The phrase “college-level” gets tossed around a lot these days, in reference to the plethora of opportunities for PA students: optional AP exams, Advanced classes, College in the Schools, and now Advanced College Credit (ACC) this year.
PA prides itself on forming its own curricula, independent of the College Board’s (AP) or any other national body’s intrusion. This conscientious identity leads PA’s distinguishing characteristics in areas other than academics, from technology to ideas about religious freedom.
As a student who has studied for an AP test might agree, the experience goes like this: attempt to learn a definitive, dry list of information by rote memorization. In English, AP has decided which literary terms are most important for hundreds of thousands of test-taking American kids to learn. In these ways, and much more so in the full-length classes, those behind AP have a lot of power over the impressionable.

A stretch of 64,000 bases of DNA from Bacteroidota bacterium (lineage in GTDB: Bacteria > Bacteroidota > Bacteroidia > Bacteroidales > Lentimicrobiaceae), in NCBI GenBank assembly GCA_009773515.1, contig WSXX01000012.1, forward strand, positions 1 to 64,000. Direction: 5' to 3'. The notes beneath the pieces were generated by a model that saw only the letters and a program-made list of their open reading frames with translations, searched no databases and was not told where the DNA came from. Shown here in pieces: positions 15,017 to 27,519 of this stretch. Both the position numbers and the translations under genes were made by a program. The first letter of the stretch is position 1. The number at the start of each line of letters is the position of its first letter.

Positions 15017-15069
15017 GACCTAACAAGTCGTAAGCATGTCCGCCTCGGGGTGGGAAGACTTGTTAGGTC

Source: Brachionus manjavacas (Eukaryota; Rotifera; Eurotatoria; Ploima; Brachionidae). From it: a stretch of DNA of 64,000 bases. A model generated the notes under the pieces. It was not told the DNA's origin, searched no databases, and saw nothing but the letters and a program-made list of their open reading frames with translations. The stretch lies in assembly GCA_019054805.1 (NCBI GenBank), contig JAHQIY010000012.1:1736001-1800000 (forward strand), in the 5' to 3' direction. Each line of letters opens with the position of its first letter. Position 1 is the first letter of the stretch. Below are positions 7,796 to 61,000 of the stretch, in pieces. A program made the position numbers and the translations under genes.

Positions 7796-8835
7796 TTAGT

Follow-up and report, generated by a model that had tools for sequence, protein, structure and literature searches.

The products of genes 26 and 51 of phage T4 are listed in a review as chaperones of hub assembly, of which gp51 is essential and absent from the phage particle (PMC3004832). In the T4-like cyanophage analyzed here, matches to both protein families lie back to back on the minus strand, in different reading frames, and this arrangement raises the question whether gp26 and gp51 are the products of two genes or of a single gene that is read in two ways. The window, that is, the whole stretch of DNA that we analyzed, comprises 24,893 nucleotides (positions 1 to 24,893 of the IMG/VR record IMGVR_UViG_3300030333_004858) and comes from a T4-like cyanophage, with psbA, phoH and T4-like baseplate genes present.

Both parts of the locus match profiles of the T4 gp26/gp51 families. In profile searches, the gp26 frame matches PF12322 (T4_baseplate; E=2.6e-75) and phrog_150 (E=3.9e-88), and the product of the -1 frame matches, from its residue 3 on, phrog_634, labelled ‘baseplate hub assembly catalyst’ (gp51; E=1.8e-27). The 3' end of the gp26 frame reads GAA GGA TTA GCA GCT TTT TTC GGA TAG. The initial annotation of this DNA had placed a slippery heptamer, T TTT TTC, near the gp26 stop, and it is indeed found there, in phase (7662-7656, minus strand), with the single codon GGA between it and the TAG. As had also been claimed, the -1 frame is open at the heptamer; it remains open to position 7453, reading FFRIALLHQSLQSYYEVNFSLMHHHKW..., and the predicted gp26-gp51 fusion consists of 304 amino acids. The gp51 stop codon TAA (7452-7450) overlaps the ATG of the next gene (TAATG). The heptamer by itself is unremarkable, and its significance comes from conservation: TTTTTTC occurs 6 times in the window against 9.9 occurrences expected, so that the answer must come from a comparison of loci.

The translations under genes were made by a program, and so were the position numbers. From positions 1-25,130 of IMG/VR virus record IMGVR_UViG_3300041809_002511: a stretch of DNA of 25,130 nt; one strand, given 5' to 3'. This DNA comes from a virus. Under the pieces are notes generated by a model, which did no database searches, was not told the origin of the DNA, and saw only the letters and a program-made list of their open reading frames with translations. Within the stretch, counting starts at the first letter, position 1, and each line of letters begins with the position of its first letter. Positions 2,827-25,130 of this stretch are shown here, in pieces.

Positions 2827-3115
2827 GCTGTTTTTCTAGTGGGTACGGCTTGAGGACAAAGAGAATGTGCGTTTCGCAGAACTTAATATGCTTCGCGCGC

Complaints aside, a score rates competence on a decisive 1-5 scale, and a good score demonstrates that a student has made himself master of the AP skill set.
Yet as opportunities to earn many forms of college credit attached to another institution hit PA, is it possible that a forced curriculum will prevail anyway under the well-intentioned college heading of ACC?
It is possible. But as the question pertains to Providence Academy, I think that a school like ours knew what it was getting into by starting college classes. Also, the teachers who are responsible for classes taught in such a small school are few enough for quality to be controlled. Plus, it is difficult to imagine that PA students already expect college credit as an integral part of the curriculum like students at other schools seem to.
PA students’ heightened diligence surrounding college classes will rightly protect their higher standards, as long as the good teachers of PA continue to foster it.